Follow-up of a rare post-infectious complication of COVID-19 in children
Multisystem inflammatory syndrome in children (MIS-C) is rare and mysterious in its presentation, its effects on young patients and the immune responses associated with it. The disease, also known as PIMS-TS, is a unique complication of COVID-19 infection and it can have a broad spectrum of presentation that may overlap with Kawasaki disease.1
Investigators from the UK wanted to see what the long-term physical and psychological outcomes were in children with the syndrome and used a multidisciplinary team to review their cases during a 6-month follow-up. This retrospective cohort study involved 46 children who met the criteria and had been admitted to a hospital in London, between April 4 and September 1, 2020.
The results were published in The Lancet Child and Adolescent Health, and presented at the European Congress of Clinical Microbiology and Infectious Disease Conference.
At the 6-month follow-up, there were some common conditions. â… Common sequelae included muscle fatigue; neurological sequelae such as proximal myopathy, dysmetria and abnormal saccades; and anxiety and emotional lability, âthe investigators wrote.
From a physiological point of view, there was a reduced ability to exercise. âThe notable reduction in functional exercise capacity in this cohort could be attributed to various factors: the underlying inflammatory nature of PIMS-TS; the high proportion of patients requiring admission to the PICU, resulting in the possibility of severe myopathy; non-compliance with home exercise programs; a sedentary lifestyle before illness; and side effects of high-dose corticosteroid use, which may have contributed to proximal myopathy and increased BMI at the initial 6-week follow-up, âthe investigators wrote.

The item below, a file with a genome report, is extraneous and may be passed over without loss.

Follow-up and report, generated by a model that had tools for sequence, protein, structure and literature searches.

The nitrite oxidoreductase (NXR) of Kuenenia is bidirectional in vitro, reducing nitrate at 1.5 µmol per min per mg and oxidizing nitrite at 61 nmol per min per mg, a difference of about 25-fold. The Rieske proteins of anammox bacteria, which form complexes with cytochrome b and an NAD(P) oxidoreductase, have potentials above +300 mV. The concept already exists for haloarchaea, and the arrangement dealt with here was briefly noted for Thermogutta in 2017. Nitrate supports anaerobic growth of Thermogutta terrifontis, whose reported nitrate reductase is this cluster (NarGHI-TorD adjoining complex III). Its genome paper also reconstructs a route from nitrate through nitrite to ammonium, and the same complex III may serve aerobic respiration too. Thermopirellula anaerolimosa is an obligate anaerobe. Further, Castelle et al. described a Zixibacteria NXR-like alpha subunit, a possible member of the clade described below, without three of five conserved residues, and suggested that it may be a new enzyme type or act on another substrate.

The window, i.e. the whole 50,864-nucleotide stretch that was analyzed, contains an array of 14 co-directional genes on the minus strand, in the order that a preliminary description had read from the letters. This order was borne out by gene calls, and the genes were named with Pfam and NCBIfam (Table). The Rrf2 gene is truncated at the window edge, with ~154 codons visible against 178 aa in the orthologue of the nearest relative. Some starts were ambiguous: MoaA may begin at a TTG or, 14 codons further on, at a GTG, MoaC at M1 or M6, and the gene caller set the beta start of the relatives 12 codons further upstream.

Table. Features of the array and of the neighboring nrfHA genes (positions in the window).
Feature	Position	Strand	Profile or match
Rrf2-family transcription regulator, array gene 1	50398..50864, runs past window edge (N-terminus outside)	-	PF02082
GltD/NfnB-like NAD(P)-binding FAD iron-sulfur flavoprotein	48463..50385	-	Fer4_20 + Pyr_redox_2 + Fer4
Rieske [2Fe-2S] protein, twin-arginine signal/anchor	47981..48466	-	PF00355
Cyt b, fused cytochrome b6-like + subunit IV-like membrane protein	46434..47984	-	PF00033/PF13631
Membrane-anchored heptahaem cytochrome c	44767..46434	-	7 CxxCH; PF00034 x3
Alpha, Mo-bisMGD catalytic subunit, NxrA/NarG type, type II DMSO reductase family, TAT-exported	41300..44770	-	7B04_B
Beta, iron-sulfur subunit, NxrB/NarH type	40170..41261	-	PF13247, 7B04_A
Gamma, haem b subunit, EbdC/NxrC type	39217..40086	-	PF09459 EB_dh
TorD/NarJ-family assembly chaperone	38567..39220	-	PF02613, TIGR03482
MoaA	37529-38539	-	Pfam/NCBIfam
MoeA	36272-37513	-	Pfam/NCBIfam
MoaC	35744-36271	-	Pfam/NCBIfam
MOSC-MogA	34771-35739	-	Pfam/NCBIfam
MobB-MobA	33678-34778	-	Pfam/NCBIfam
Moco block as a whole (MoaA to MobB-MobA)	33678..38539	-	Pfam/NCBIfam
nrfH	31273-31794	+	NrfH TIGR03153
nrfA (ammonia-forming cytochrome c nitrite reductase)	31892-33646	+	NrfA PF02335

Investigators noted that residual neurological effects were seen in other studies of PIMS-TS, but little was seen in this study.
“In our cohort, the persistence of subtle findings, which were only noticeable on detailed neurologic examinations, was not correlated with neurologic functional impairment (median score of the Extended Disability Status Scale 0 to 6 months) “, investigators reported. “Although 98% of patients returned to full-time studies after 6 months, formal neuropsychological testing was not performed and the long-term cognitive effects of PIMS-TS require attention given the high frequency of ‘neurological impairment during presentation. “
They stressed the importance of continuous follow-up in these patients.
“Whether other longer-term sequelae will manifest beyond 6 months (for example, inflammatory gastrointestinal pathology or kidney disease due to acute renal failure) remains to be determined, stressing the importance of a Continuous multidisciplinary follow-up of patients with PIMS-TS âthe investigators concluded.
1. FernÃ¡ndez-Sarmiento J, de Souza DC, Jabornisky R. et al. Pediatric multisystem inflammatory syndrome temporally associated with COVID-19 (PIMS-TS): a narrative review and perspective of the Sepsis committee of the Latin American Society of Pediatric Intensive Care (SLACIP). BMJ Pediatrician Open. 2021; 5 (1): e000894. Published online February 4, 2021. doi: 10.1136 / bmjpo-2020-000894